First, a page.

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The Bussard Ramjet assumes a huge scoop picking interstellar hydrogen, compressing it into plasma, subjecting to nuclear fusion (harvesting the fusion energy of hydrogen) and ejecting the products of fusion at energy higher than what was needed to pick it up. So, free energy and free reaction mass in one.

The whole concept falls apart at the point of "scooping interstellar hydrogen and compressing it" - the scoop would act as a huge parachute, the energy extracted from hydrogen not able to break even with the drag the scoop creates.

But we already have very good sources of energy - a nuclear reactor, RTG, beamed power, even decent fuel cells. It's the reaction mass that hurts us in the tyranny of rocket equation. We don't need scooping the energy. Let's do away with the funnel and fusion.

Let's imagine a ion drive, where instead of a propellant tank, a valve and a nozzle releasing minuscule amounts of gas to be ionized and accelerated, we have an open end, a straightforward intake open to the void. Any interstellar medium particle, if not already ionized, is ionized, then propelled by electric field towards the back of the drive, and ejected at a speed higher than the one it entered at. Regardless of by how much we accelerate the particles, and how many of them we accelerate, we're gaining momentum.

The drive's throughput area would need to be considerably larger than the craft's profile, so that drag from hitting the medium is outweigh by medium that passes through unobstructed and is accelerated instead; and likely the thrust would be minuscule; the area of intakes would need to be huge comparing to the whole craft - likely huge grids of electrodes extending sideways. But are there any other problems I'm not aware of? Is this concept studied? Is it referred anywhere?

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  • $\begingroup$ Possible problems: doesn't the new scheme you're describing need the same sort of inlet (and drag) as the Bussard Ramjet? Without fusion of any collected hydrogen I don't see how it can be an improvement. Also I'm not sure if all types of collected material can be ionised in the same way as an ion drive. (Feel free to disregard this if I've misunderstood something though.) $\endgroup$ – Andy Nov 8 '16 at 10:55
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    $\begingroup$ @Andy: The whole problem with Bussard ramjet was the idea was to immensely compress the gas through the inlet. In this case no compression occurs - pressure doesn't change. Think a hollow tube vs a funnel. Hydrogen is not collected, just passed through and accelerated in the process. I'm not sure about the process of ionizing the gas - I'm not sure how it's done but from the vague image I got it should be possible to be done in a nearly contactless manner; strip electrons, leave protons/nuclei/cations, accelerate them towards the rear electrode. $\endgroup$ – SF. Nov 8 '16 at 11:11
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    $\begingroup$ Thanks for the clarification on that (compression etc.) which I didn't know about. By the way Wikipedia for Ion thruster mentions a "Magnetoplasmadynamic thruster" and claims "In a certain configuration, the ambient gas in Low Earth Orbit (LEO) can be used as a propellant" - but sadly no references. This might be a start though. $\endgroup$ – Andy Nov 8 '16 at 12:06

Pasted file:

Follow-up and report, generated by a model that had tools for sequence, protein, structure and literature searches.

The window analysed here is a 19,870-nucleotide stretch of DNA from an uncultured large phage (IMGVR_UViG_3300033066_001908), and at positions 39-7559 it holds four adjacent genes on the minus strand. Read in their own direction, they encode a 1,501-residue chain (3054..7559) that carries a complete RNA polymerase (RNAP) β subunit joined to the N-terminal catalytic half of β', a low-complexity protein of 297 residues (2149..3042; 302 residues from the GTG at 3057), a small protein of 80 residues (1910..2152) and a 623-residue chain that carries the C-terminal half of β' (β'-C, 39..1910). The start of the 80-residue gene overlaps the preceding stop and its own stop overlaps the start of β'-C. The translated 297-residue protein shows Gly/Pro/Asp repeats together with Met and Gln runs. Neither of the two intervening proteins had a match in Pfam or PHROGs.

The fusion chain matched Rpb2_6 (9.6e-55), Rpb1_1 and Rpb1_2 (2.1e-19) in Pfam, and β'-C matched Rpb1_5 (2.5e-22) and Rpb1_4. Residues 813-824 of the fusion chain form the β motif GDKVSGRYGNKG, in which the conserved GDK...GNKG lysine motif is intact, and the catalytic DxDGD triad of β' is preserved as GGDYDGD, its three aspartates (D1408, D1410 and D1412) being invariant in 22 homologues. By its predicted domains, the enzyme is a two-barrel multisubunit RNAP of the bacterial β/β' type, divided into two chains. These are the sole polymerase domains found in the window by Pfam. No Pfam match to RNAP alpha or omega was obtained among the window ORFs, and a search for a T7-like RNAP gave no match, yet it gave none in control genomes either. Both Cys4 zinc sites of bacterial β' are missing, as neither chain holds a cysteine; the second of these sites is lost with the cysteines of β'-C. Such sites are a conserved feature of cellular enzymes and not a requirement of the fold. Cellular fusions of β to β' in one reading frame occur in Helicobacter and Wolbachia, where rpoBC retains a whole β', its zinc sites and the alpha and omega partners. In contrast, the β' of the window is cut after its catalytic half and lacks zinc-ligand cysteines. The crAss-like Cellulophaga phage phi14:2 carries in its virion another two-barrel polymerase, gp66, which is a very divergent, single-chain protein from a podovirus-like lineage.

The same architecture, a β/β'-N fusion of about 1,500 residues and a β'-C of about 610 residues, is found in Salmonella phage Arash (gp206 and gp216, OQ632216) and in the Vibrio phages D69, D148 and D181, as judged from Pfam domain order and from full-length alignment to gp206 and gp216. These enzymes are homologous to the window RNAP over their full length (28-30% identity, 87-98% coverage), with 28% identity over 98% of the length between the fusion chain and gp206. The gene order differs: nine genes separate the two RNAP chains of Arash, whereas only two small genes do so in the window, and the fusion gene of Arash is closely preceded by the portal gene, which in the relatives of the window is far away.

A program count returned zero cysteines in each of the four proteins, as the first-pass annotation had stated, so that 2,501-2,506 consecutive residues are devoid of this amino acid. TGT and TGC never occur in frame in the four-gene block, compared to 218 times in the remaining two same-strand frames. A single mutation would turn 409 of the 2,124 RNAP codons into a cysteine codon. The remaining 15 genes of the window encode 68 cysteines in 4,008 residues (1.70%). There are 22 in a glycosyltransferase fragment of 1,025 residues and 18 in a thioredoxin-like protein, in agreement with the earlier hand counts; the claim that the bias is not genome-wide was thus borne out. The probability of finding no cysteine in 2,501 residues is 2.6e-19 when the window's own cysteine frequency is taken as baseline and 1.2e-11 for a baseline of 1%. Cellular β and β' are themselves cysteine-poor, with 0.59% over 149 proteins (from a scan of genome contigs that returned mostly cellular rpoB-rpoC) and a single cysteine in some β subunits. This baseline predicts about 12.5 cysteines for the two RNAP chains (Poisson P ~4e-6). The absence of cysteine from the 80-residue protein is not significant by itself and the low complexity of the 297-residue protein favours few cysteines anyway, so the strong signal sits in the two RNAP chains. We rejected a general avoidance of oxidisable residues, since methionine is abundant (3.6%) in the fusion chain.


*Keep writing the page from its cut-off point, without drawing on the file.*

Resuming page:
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The problem you have with this concept is that there simply isn't enough mass out there to accelerate to make this worthwhile. The average density of hydrogen in space is 1 atom per cubic centimeter, which is essentially nothing. Say you had an engine which could impel the hydrogen atoms in 10 cubic meters of space per second, that would be 10,000,000 hydrogen atoms per second, which equates to 1.67 * 10 to the -17 grams of mass per second or .0000000000000000167g. In order to impel those atoms anywhere near fast enough to move your spacecraft it would have to be a very powerful magnetic field, which would mean that it's likely pretty heavy. It would also need fuel - nuclear fission reactors need refueling, you'd use far more nuclear fuel trying to get moving than you would save with this approach.

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    $\begingroup$ Imagining the engine surface of 1000m^2 (large grids extending around the craft), moving at 10km/s, that's 10mln cubic meters per second. 10^-12kg, or 10^-6mg. 1mg/s is the ballpark for typical ion engines. So, a million times weaker than typical ion engines, but never running out of fuel - and the faster it goes, the more fuel it gets. $\endgroup$ – SF. Nov 8 '16 at 17:19
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    $\begingroup$ Nooo, that's not true. There's 2 types of fuel in your scenario, 1 is the mass being shifted by the magnetic field, but then there's the fuel for the power source creating the field. That will run out. $\endgroup$ – GdD Nov 8 '16 at 17:27
  • $\begingroup$ Technically true. Realistically, you can build this sort of craft to last a couple hundred years. Also, good solar batteries and a flyby relatively close to the sun, where void is not nearly as empty (and travel speed = amount of medium passing through the engine grows immensely) - that has a potential to give it more of escape speed than anything maybe short of Breakthrough Starshot. And again, with a good speed, amount of fuel grows. $\endgroup$ – SF. Nov 8 '16 at 17:54

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